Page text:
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A beary special passion

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By Molly Haines

Nestled inside a quaint cabin on New Liberty-Sparta Road, 32-year-old Adam Bear sits in a chair with his pet dog Arfie. Bear’s extended family members sit across the room on an antique bed – a cousin named Rusty, a grandmother, affectionately referred to as “Grammie,” among others.
Adam and his descendants are not your typical family – they cannot speak, walk or embrace one another as an ordinary family might – but each bear was stuffed and sewn with love at the hands of their creator, 71-year-old Katie Gibson.
Gibson’s lifelong love affair with teddy bears began as a child in Oakdale, Calif., when at 4 years old she received a yellow bear named “Cuddles.”
As an adult, Gibson began collecting bears, but it wasn’t until years later in 1985 when she started her journey as a bear artist by creating Adam from a pattern at a sewing class in Riverbank, Calif.
“When I got that opportunity to make a bear I went for it,” Gibson said. “I made quite a few when I lived in California and when I went to Oregon I made quite a few. When I moved here, I put my bear making aside always thinking I would get back to it before too long. It only took me about 20 years.”
Born and raised in the farming community of Oakdale, Calif., Gibson eventually moved to Oregon with her former husband, who soon received a job offer on the east coast. She suggested the couple move to New Liberty, where her father Dick Roberts’ family resided.
Gibson later remarried to Jim Gibson, a native of the New Liberty area, where the couple still resides.
Since moving to Kentucky approximately 27 years ago, Gibson has held a variety of jobs and positions in and around Owen County, from advocacy work to managing the Dollar General in Carrollton. In March 2010, the Gibsons opened J&K Kountry Kollectibles, a general store once operated by residents like Durwood Mefford and Ben and Juanita Trusty.
“After Jim and I sold the store in 2011, I needed to stay here more to be with him,” Gibson explained. “I told Jim I wanted to get into bear making, and once I got on Facebook in 2009 and started checking out the internet, I found that bear making is one of the largest cottage industries worldwide.”
An ardent genealogist, Gibson combined her love of family research with her bear making, beginning with Adam, who is in search of his family. Today, Adam’s burgeoning family of aunts, uncles, cousins, grandmas and more are scattered across the United States, each bearing a tag with Gibson’s business name, Katie Bears & Kids.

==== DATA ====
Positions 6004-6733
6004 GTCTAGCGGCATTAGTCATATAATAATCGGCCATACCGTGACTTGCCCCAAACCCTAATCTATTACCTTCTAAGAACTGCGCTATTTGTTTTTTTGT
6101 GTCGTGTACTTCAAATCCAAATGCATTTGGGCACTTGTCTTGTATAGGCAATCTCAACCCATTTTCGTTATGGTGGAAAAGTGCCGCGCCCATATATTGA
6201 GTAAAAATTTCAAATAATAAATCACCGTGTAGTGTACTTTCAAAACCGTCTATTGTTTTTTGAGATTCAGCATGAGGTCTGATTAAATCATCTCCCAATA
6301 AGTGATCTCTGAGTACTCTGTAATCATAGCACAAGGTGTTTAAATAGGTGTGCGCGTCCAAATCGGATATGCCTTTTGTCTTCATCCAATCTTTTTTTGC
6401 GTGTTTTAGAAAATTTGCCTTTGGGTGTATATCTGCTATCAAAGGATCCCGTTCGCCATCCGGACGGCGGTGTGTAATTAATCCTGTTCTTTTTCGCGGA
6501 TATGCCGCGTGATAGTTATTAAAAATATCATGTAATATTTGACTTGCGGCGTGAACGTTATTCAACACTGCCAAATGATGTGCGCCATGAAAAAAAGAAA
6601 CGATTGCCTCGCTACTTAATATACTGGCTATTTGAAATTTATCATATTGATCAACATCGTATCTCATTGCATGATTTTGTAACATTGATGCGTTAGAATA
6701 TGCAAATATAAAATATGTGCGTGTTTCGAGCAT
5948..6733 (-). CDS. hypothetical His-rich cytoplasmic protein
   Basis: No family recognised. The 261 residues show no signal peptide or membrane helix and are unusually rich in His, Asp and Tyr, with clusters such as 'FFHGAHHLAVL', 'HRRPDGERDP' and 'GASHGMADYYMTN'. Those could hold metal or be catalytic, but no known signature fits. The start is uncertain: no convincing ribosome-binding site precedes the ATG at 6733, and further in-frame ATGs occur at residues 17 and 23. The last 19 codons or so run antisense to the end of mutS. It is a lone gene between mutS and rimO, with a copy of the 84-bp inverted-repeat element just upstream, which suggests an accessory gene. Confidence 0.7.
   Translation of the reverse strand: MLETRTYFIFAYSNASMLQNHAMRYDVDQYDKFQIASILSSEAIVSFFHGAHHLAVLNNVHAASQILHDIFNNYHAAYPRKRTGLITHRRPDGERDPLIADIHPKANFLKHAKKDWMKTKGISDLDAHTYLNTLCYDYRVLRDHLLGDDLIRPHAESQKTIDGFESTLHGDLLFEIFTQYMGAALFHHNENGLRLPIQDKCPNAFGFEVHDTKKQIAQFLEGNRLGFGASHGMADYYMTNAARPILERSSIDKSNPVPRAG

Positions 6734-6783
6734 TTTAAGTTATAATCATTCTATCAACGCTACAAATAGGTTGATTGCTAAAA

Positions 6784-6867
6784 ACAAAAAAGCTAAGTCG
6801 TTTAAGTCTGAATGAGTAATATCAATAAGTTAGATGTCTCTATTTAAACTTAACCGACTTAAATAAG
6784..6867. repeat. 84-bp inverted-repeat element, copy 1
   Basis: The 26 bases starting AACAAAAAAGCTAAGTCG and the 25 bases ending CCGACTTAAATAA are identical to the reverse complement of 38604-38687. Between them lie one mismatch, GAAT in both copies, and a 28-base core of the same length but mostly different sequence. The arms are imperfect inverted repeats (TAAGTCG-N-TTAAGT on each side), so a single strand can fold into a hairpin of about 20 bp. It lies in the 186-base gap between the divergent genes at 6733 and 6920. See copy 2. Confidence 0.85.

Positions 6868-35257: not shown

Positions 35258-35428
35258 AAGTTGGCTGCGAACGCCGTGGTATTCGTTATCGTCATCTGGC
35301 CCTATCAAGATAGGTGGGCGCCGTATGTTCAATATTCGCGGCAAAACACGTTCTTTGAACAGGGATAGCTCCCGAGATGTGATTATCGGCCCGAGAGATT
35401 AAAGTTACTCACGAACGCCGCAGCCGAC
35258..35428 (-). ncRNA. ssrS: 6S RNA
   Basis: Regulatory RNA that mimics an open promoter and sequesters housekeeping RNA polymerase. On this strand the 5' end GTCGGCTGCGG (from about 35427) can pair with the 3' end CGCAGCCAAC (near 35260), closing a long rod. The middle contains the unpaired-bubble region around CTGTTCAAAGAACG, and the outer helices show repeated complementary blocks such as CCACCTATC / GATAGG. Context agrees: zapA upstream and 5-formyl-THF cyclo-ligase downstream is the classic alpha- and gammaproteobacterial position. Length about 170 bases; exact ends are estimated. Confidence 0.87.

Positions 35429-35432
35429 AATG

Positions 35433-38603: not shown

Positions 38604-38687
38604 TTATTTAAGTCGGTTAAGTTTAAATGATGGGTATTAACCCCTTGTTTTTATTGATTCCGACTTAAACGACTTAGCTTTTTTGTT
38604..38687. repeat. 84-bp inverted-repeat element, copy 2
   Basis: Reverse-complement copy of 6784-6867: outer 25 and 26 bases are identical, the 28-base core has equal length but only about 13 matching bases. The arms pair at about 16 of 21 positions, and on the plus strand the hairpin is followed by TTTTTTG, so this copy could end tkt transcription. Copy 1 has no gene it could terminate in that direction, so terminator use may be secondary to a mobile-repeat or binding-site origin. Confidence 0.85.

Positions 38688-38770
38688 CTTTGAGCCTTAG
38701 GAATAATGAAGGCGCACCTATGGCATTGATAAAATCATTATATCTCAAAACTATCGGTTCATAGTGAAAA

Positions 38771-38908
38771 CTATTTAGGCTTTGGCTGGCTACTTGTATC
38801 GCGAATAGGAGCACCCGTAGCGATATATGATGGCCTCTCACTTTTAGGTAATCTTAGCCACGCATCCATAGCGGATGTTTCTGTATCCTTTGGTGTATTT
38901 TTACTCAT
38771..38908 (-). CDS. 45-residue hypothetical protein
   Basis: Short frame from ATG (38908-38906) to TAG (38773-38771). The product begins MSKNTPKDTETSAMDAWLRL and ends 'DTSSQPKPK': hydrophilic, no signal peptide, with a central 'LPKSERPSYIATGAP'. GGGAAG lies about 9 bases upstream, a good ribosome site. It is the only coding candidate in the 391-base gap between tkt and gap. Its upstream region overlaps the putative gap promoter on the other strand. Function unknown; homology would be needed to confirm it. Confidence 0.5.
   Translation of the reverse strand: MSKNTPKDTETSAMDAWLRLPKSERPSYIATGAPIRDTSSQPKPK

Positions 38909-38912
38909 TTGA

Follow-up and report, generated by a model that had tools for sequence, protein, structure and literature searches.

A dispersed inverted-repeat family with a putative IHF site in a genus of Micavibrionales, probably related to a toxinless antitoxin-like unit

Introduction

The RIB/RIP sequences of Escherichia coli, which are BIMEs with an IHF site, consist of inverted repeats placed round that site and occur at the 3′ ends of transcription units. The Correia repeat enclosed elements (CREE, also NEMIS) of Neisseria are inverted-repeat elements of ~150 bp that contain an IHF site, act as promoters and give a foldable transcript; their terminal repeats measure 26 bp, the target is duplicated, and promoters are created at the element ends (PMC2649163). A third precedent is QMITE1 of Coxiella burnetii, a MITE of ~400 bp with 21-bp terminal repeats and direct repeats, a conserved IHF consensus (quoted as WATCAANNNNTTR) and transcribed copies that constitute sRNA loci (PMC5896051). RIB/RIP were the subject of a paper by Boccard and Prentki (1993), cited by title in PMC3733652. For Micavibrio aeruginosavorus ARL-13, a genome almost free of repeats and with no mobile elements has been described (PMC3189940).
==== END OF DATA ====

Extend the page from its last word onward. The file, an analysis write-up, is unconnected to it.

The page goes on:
Adam’s family tree is drawn out on a sheet of legal paper, which Gibson keeps at the ready, continuously adding to the line of descendants with each new creation.
Since 2011, Gibson said she’s created at least 100 bears, some taking up to 40 hours to complete.
“It has been a journey,” Gibson said. “(Adam) inspires me. The bears will always look a little bit alike for the simple reason they’re related. I don’t take any bear orders because we go off of some of our lists and we tie them all in by a little bit of looks here and there and shades of color.”
In the beginning, Gibson began creating her bears with inexpensive fabrics, experimenting with different eyes, plastic joints and adaptations from different patterns to come up with her unique style of bear, now made with wooden joints and faux furs.
“Bear makers do not, as a rule, take orders,” she said. “It’s like a painting, you’ve got to be inspired by something to paint it, and that’s what bear making is, and all bear makers will rarely take in a special order. I have, but I prefer not to because you need to let your creative juices flow.”
In addition to Adam’s descendants, Gibson also creates a University of Kentucky-themed bear and is currently working to create a University of Louisville bear. She also creates a pink bear in honor of breast cancer awareness, which she donates to a local citizen who has or is battling breast cancer each year. On occasion, Gibson will also perform bear repairs.
Gibson’s work will be showcased at the Owen County Arts Council’s Evening With the Artist event, from 7-9 p.m., Friday, at the Wild Goose Cafe, located at 159 W. Seminary St., Owenton.
“I’ve always had to work, but deep inside I’ve always had this passion for bears,” Gibson said. “Bears are my passion.”
Katie Bears & Kids is located at 930 New Liberty-Sparta Road, Sparta, KY 41086. Adam Bear’s story, along with photos of Gibson’s creations, can be found online at https://www.facebook.com/Adam-Bear-117730238411415.

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